Six Perfects Gifts for People with Dementia

A young man gives a bouquet of flowers to a woman with dementia at a memory care facility

Six Perfects Gifts for People with Dementia

Everyone loves receiving a thoughtful gift. If your loved one lives in a memory care community for people with dementia, you may be unsure about the right present for their birthday, anniversary, or a holiday.

We spoke with Living Branches team members Altair and Takeria, caregivers in the Memory Care community at Dock Woods, about the best gifts for people with dementia.

No matter what you choose, Altair and Takeria recommend personalizing your gift to the recipient. Try to pick something that matches their tastes and preferences.

A woman with dementia receives new pajamas as a gift from a young woman


Takeria notes that clothing is often a popular gift around the holidays. A new shirt, sweater, or pajama set can freshen up your loved one’s wardrobe and provide comfort throughout the day.

Unsure of their clothing size? Go with a clothing item that has more flexibility, such as slippers or socks.

Comforting items

Soft items make great gifts for people with dementia. Pick things that feel good against your skin, like a warm shawl, a velvety blanket, or a huggable stuffed animal.

“Stuffed animals are great because they’re comforting,” Altair says. “Some residents grow attached to a stuffed animal or doll.”

A young man gives a bouquet of flowers to a woman with dementia at a memory care facility


Who doesn’t like a beautiful bouquet of flowers? Beyond Mother’s Day and Valentine’s Day, they make a great gift for someone with dementia, according to Altair. If you don’t know their favorite flower, choose a boquet that includes their favorite colors or scents.

Snacks and treats

Bring their favorite snack or dessert to enjoy during your visit. Consider foods that are easy to eat and don’t require utensils. Finger foods or individually wrapped items work well.

“For a resident’s birthday, family members often bring a cake,” Altair says. “Some also bring a little banner or other decorations to make the space more festive.”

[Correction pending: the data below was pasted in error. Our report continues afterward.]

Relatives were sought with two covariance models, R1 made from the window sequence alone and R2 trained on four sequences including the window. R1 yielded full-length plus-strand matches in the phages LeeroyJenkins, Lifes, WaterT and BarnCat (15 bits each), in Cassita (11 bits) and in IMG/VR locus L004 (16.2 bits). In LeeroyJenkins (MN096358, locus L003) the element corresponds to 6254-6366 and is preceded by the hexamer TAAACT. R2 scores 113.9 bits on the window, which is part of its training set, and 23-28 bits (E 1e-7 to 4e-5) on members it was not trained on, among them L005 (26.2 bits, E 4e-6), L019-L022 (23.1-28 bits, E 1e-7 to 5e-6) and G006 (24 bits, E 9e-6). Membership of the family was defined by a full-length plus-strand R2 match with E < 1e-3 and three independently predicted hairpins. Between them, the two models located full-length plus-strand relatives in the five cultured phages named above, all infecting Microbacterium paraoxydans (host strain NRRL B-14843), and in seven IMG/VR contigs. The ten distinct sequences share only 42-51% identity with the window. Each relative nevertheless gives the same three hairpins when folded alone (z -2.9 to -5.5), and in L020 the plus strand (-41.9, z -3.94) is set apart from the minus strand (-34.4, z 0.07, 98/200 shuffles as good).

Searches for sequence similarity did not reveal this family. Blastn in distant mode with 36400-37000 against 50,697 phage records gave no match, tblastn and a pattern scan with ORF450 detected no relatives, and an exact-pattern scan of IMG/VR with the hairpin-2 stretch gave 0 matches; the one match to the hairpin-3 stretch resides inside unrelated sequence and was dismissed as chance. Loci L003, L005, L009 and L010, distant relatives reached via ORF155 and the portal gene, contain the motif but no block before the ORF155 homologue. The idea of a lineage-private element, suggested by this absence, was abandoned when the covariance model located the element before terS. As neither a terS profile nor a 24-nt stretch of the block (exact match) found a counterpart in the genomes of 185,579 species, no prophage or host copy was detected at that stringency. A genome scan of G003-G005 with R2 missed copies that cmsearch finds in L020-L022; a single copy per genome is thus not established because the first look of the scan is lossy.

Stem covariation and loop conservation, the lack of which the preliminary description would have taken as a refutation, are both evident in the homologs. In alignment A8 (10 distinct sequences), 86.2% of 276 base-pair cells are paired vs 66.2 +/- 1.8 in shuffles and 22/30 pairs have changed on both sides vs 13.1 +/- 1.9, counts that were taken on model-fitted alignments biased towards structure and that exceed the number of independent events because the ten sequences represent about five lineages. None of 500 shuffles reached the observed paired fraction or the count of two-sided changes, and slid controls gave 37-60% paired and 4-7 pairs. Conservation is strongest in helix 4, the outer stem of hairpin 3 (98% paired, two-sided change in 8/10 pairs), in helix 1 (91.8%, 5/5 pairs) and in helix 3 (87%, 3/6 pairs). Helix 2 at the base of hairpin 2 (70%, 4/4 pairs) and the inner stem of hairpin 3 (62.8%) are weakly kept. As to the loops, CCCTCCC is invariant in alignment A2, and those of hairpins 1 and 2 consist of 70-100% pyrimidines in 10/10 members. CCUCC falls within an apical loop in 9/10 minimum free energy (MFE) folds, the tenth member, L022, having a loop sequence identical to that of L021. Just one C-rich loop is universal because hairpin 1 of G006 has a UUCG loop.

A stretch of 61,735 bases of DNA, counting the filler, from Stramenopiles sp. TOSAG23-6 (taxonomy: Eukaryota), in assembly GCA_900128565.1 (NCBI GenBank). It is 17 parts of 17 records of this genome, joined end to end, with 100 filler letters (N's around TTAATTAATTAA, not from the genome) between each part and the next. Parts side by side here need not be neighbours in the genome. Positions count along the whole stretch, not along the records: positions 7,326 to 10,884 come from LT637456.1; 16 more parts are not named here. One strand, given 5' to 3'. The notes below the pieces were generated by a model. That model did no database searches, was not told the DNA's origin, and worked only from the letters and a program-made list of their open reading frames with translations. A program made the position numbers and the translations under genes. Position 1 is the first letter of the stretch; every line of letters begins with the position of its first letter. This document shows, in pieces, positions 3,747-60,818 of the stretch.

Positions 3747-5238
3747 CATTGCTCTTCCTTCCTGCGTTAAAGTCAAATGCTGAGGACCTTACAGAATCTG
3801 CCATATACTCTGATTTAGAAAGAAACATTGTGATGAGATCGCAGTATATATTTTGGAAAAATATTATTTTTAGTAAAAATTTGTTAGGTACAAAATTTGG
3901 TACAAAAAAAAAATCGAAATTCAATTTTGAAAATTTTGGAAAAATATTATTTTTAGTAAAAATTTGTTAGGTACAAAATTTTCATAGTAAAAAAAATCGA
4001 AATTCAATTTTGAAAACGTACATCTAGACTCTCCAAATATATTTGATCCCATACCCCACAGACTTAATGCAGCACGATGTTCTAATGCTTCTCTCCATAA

Cake or cupcakes are also perfect for anniversaries, Mother’s Day or Father’s Day, and other holidays. Either homemade or store-bought works. Be sure to consider your loved one’s favorite flavors and decorations.

“Families will also bring their loved one’s favorite snack,” Takeria says. “Baked goods and candies are pretty popular because the resident can share with everyone else.”

Personal care products

At the Memory Care community at Dock Woods, residents’ family members often provide their toiletries – which often make great gifts!

“Dove, Caress, and Olay are popular among family members because they’re gentle on skin,” Takeria says.

Look for lightly scented soap, shampoo, or lotion to promote relaxation. Women in Memory Care often like getting makeup, such as lipstick or blush. The next time you visit, jot down the colors and shades your loved one wears.

A young woman works on a puzzle with her senior mother in a memory care community

Spend time together

The best gifts don’t come from a store! When you have a loved one in memory care, spending time together is often the best gift. Whether you play a game, do a puzzle, or just chat, people with dementia benefit from time with family and friends.

Altair explains that when family members come to visit Dock Woods, caregivers will look for a place in the community where the resident can visit with their loved one. Sunrooms and activity spaces tend to be popular.

“Sometimes it’s just nice to get out of the resident’s room and spend some time in another place,” she explains. “We’ll help you get set up together.”

Talk with their care team about taking them somewhere on campus, such as a garden, a dining area, or the gift shop. And let their caregivers know when you’re ready to leave so they can help your loved one adjust.

Ask before bringing these gifts to memory care

Takeria and Altair noted a few items that may not work for a person with dementia. Talk to your loved one’s care team before bringing them.

Potentially hazardous items

Always ask before bringing anything that can pose a safety risk, like scented candles or scissors.

Phones or tablets

Takeria advises talking to your loved one’s care team before buying a smart device, such as a phone or tablet. For some people with dementia, smart devices are hard to use. People with dementia may struggle to remember passwords or understand online safety, which can place them at risk. They may also prefer more tactile activities and hobbies.


Always check before bringing a bottle of wine or a six pack of beer. Your loved one’s memory care community may have a policy prohibiting alcohol. If not, some residents’ care plans prevent them from having alcohol.

Complex games or puzzles

While mental stimulation is important, difficult board games or puzzles can be a discouraging gift for people with dementia.